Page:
A dangerous germ that has been spreading around the country causes more life-threatening infections than public health authorities had thought and is killing more people in the United States each year than the AIDS virus, federal health officials reported yesterday.
n the new study, Fridkin and his colleagues analyzed data collected in California, Colorado, Connecticut, Georgia, Maryland, Minnesota, New York, Oregon and Tennessee, identifying 5,287 cases of invasive MRSA infection and 988 deaths in 2005.
The researchers calculated that MRSA was striking 31.8 out of every 100,000 Americans, which translates to 94,360 cases and 18,650 deaths nationwide. In comparison, complications from the AIDS virus killed about 12,500 Americans in 2005.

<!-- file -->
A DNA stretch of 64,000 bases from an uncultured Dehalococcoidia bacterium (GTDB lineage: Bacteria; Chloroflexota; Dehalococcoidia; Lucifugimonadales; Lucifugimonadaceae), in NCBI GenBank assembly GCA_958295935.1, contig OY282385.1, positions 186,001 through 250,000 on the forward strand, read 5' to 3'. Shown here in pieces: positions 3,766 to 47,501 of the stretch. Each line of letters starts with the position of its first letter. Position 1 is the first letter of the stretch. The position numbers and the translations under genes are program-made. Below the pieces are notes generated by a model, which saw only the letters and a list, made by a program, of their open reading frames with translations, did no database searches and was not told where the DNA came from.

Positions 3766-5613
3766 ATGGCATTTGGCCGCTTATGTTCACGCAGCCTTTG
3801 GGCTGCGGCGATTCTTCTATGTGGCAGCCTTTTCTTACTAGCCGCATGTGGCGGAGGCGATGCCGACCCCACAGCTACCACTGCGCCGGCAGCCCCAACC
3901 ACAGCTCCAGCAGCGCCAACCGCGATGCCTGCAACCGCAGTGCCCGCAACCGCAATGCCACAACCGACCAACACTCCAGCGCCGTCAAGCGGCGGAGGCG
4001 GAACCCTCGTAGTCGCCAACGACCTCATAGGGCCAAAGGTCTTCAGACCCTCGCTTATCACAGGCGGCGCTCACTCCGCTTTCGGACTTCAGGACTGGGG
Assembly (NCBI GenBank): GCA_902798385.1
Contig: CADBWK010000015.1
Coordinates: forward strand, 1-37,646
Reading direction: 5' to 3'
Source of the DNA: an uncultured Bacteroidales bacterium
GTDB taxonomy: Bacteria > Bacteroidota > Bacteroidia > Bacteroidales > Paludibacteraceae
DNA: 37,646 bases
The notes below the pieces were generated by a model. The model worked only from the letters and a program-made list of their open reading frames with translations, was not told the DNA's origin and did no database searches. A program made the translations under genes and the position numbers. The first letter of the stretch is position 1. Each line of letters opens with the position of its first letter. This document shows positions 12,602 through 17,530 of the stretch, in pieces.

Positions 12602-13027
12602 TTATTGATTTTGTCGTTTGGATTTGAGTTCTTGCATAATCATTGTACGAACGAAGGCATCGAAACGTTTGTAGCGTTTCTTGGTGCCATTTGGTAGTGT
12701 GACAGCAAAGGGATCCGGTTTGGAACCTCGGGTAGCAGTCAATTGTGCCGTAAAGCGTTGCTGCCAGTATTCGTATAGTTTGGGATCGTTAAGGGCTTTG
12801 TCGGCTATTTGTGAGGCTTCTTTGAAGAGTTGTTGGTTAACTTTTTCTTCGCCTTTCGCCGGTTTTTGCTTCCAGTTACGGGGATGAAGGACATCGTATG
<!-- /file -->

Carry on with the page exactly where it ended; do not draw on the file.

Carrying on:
"This indicates these life-threatening MRSA infections are much more common than we had thought," Fridkin said.
In fact, the estimate makes MRSA much more common than flesh-eating strep infections, bacterial pneumonia and meningitis combined, Bancroft noted.
One version of the killer bug – called USA300 – is passed easily through skin contact and can lead to a flesh-eating form of pneumonia.
It is resistant to even the most powerful antibiotics and could cause widespread infection and large numbers of deaths if it spreads suddenly.
USA300 has already killed thousands of people in America and is the highest single cause of death there from infectious disease.
It can cause large boils on the skin and lead to fatal blood poisoning or a form of pneumonia that can eat away at lung tissue.